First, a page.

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Wild & Untamed
The little town of Lusikisiki gets its name from the wind that moves through the grass - the countryside is a remote and untamed mystery of tropical forest and rolling hills and is fondly referred to as “God’s Country”! It is the perfect town to enjoy the warm African sun and the extraordinary beauty of the Wild Coast.
Popular sites in the region are Cathedral Rock and Waterfall Bluff and the town is in an excellent location for hiking, canoeing, rock climbing and mountain biking. Being so close to Port St Johns means plenty of beach time too!
Not far away is mount Nelson, former home of Khotsa Sethuntsa, a millionaire Bantu herbalist who in his 90 years had 20 wives and about 200 children. He ascribed his virility to a secret potion called 'Umangalala'.
Accommodation in the area includes one or two B&B’s and Guesthouses with more accommodation in Port St Johns.
Things to do and see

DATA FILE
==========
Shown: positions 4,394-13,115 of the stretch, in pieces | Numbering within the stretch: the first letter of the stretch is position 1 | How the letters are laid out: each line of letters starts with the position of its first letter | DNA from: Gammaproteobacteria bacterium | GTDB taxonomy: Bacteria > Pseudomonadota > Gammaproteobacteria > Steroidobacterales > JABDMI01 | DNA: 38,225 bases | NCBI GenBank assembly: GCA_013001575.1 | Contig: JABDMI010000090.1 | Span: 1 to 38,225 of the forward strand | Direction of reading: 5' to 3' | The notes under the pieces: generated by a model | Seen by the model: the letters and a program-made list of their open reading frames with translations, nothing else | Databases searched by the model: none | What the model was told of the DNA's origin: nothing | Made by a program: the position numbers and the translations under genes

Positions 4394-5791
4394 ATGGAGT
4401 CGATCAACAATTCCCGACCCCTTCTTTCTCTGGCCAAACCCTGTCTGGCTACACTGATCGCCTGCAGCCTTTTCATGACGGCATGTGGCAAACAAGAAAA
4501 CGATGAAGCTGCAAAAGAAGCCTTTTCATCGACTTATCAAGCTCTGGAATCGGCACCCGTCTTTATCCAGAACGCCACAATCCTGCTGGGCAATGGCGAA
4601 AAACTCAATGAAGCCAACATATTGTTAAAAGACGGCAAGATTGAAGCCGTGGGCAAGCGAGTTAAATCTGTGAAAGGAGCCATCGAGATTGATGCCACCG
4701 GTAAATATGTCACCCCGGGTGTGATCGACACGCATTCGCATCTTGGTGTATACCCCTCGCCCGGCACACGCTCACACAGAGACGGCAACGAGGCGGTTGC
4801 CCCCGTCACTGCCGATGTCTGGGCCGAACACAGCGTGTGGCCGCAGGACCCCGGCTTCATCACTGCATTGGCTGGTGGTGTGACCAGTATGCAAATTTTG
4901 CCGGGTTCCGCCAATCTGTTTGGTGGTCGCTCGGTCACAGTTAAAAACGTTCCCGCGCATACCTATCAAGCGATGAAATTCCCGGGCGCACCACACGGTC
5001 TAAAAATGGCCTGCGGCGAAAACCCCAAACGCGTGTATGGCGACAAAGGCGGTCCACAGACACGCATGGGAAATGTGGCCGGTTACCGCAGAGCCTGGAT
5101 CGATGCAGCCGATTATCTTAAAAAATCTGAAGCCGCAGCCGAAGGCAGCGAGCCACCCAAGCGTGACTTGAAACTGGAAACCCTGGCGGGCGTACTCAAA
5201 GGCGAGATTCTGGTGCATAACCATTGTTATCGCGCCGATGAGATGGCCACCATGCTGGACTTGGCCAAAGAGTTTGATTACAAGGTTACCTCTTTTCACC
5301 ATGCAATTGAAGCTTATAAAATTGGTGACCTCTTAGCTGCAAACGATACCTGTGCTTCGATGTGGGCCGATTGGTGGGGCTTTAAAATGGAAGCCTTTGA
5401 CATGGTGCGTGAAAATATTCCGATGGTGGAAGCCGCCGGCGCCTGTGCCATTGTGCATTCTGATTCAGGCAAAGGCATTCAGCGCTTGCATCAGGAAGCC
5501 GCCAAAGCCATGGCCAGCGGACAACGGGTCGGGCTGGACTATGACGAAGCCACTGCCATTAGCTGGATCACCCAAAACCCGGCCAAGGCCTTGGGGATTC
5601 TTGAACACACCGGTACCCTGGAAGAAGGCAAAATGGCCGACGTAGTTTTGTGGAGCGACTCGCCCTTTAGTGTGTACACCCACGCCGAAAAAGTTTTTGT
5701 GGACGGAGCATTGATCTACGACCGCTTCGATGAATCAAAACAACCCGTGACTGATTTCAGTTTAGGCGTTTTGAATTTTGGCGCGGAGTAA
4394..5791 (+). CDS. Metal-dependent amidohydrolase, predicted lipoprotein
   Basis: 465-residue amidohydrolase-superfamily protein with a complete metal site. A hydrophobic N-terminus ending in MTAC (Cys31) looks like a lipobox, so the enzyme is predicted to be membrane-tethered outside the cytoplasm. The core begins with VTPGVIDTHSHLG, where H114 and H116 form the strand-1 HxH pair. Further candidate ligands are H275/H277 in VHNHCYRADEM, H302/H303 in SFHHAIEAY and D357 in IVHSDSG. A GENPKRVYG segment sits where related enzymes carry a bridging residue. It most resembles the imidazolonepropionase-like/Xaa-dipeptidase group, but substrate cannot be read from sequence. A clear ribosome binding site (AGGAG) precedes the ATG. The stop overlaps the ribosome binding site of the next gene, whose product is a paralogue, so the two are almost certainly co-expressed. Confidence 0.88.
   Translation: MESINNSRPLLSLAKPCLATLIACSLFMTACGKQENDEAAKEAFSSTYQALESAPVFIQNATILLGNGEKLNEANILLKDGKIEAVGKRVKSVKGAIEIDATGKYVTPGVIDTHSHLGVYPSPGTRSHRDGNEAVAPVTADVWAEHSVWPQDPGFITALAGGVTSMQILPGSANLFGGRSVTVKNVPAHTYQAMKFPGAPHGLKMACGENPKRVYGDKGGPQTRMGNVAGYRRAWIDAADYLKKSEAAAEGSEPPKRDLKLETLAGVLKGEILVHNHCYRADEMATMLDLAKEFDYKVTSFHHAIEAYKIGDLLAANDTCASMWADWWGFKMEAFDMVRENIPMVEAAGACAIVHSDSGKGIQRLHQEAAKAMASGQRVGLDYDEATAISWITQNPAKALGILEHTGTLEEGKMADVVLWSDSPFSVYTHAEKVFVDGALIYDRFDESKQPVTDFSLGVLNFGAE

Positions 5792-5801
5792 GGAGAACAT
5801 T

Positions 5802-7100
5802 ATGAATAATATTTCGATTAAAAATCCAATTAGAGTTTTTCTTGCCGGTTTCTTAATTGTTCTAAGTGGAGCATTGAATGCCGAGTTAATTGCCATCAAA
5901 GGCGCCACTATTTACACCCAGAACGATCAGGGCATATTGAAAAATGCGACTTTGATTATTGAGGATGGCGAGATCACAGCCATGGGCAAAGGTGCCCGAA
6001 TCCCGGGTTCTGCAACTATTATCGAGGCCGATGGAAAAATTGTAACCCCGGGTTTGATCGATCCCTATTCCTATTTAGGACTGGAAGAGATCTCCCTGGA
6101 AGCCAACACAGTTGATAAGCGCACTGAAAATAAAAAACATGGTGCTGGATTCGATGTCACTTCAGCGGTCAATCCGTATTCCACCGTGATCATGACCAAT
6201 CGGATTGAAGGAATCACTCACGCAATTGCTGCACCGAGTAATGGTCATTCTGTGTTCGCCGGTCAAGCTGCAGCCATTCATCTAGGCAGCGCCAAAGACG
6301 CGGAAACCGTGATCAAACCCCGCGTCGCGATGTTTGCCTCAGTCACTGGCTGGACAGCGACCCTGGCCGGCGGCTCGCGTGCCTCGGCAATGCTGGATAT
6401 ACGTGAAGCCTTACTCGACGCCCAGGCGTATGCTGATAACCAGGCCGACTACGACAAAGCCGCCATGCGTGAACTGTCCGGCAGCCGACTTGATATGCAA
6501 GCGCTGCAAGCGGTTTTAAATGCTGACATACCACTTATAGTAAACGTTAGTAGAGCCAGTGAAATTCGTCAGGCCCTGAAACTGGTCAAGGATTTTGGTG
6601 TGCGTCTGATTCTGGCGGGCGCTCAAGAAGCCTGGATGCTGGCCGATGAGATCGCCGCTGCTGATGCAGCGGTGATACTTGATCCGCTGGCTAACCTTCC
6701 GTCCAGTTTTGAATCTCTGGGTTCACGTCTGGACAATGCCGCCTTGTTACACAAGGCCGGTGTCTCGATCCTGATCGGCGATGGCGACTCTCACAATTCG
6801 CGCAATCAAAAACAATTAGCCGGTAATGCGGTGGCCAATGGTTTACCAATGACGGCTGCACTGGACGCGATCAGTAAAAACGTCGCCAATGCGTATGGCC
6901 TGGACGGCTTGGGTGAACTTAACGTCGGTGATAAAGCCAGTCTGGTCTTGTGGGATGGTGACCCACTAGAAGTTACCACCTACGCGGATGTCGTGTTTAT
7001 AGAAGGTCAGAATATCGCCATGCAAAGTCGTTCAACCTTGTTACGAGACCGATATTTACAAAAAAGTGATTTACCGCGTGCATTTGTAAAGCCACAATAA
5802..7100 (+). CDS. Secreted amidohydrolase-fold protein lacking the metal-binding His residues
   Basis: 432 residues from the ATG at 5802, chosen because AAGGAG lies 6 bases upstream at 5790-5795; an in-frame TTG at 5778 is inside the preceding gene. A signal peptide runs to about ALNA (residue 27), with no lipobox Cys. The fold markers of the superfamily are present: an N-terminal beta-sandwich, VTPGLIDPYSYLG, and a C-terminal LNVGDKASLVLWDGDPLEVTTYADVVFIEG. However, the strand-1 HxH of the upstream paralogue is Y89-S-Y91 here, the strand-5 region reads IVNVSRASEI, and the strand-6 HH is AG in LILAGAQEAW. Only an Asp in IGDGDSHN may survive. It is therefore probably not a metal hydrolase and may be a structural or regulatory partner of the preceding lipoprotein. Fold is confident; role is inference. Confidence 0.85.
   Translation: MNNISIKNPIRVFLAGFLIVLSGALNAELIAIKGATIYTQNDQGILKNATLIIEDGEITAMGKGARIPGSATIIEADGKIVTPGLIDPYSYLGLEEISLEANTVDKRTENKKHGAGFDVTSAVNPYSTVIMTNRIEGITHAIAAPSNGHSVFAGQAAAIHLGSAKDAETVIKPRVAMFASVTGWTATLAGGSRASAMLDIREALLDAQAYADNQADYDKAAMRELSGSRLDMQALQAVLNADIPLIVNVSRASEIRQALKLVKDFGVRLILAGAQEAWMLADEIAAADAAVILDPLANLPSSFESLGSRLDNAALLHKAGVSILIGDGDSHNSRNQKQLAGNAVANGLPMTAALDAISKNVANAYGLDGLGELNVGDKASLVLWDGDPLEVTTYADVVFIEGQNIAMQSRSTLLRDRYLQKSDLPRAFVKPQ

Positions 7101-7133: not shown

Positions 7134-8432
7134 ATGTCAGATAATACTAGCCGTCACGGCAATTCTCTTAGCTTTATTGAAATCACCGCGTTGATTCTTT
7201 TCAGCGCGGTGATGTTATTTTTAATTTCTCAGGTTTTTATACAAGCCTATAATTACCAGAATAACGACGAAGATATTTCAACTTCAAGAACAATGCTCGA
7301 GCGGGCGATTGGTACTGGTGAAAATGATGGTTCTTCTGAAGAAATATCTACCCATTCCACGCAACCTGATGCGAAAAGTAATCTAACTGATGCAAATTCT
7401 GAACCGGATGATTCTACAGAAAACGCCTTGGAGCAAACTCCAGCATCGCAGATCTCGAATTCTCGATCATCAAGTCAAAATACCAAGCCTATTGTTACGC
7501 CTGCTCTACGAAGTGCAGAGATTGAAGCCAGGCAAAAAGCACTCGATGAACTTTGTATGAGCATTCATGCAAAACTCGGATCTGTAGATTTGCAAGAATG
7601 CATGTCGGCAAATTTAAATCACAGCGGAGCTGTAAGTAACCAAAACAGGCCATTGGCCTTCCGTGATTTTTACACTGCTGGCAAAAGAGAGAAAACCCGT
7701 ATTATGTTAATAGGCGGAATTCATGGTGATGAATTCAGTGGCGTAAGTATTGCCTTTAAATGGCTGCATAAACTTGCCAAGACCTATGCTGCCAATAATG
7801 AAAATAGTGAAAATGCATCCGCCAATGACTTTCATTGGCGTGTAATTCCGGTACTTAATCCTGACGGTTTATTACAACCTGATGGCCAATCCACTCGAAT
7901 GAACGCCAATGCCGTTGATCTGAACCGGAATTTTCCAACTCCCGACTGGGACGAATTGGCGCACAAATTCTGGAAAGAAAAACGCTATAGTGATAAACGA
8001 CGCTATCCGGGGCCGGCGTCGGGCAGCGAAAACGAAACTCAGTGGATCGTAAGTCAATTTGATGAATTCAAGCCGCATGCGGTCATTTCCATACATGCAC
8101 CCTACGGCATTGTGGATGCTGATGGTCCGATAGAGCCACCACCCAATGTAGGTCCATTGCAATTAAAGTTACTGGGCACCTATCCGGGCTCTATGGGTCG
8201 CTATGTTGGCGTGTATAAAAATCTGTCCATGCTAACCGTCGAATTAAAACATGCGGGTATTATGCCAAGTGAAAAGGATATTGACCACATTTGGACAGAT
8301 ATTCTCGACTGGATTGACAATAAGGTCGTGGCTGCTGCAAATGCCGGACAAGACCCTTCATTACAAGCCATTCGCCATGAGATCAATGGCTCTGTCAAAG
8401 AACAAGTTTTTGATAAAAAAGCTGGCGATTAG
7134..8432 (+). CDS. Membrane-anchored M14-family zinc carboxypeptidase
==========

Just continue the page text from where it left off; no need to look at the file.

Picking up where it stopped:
- Magwa Waterfall
- Pondoland Marine Protected Area
- Watefall Bluff
- M’bashe Lighthouse
- First Beach
- Port St Johns to Coffee Bay Hike
Lusikiski receives approximately 1016 mm of rain annually with most rainfall occurring during the summer.
Summer months, November to March will have average temperatures of between 16˚C and 25˚C.
Winter months, May to August will have average temperatures of between 7˚C and 20˚C.
There are daily flights from Johannesburg into Margate Airport, 185 km away. Alternatively, there are daily flights from all major airports into King Shaka International Airport approximately 351 Km’s away along the R61 and N2 and into the East London Airport approximately 358 Km’s away along the same roads from the opposite direction. Car hire facilities are available at the Airport.
Before European Settlers arrived in 1894, the AmaMpondo chief's kraal occupied what is now the present town village.
In 1953 the South African Apartheid government made attempts to persuade the people of Lusikisiki to accept the rule of Bantu authorities, which they had established, but the Lusikiski community rejected this scheme. A man called Mngqinga led a large local group to attack the police. This was later known as the Lusikisiki Revolt.
The name is onomatopoeic, derived from the sound of the wind. The wind whispering through the marsh reeds at evening is said to make the sound 'Lusikisiki' and this is the name given to the village which has grown up near the marsh and which is now the capital of then called Pondoland. The name was given by the local AmaMpondo people.
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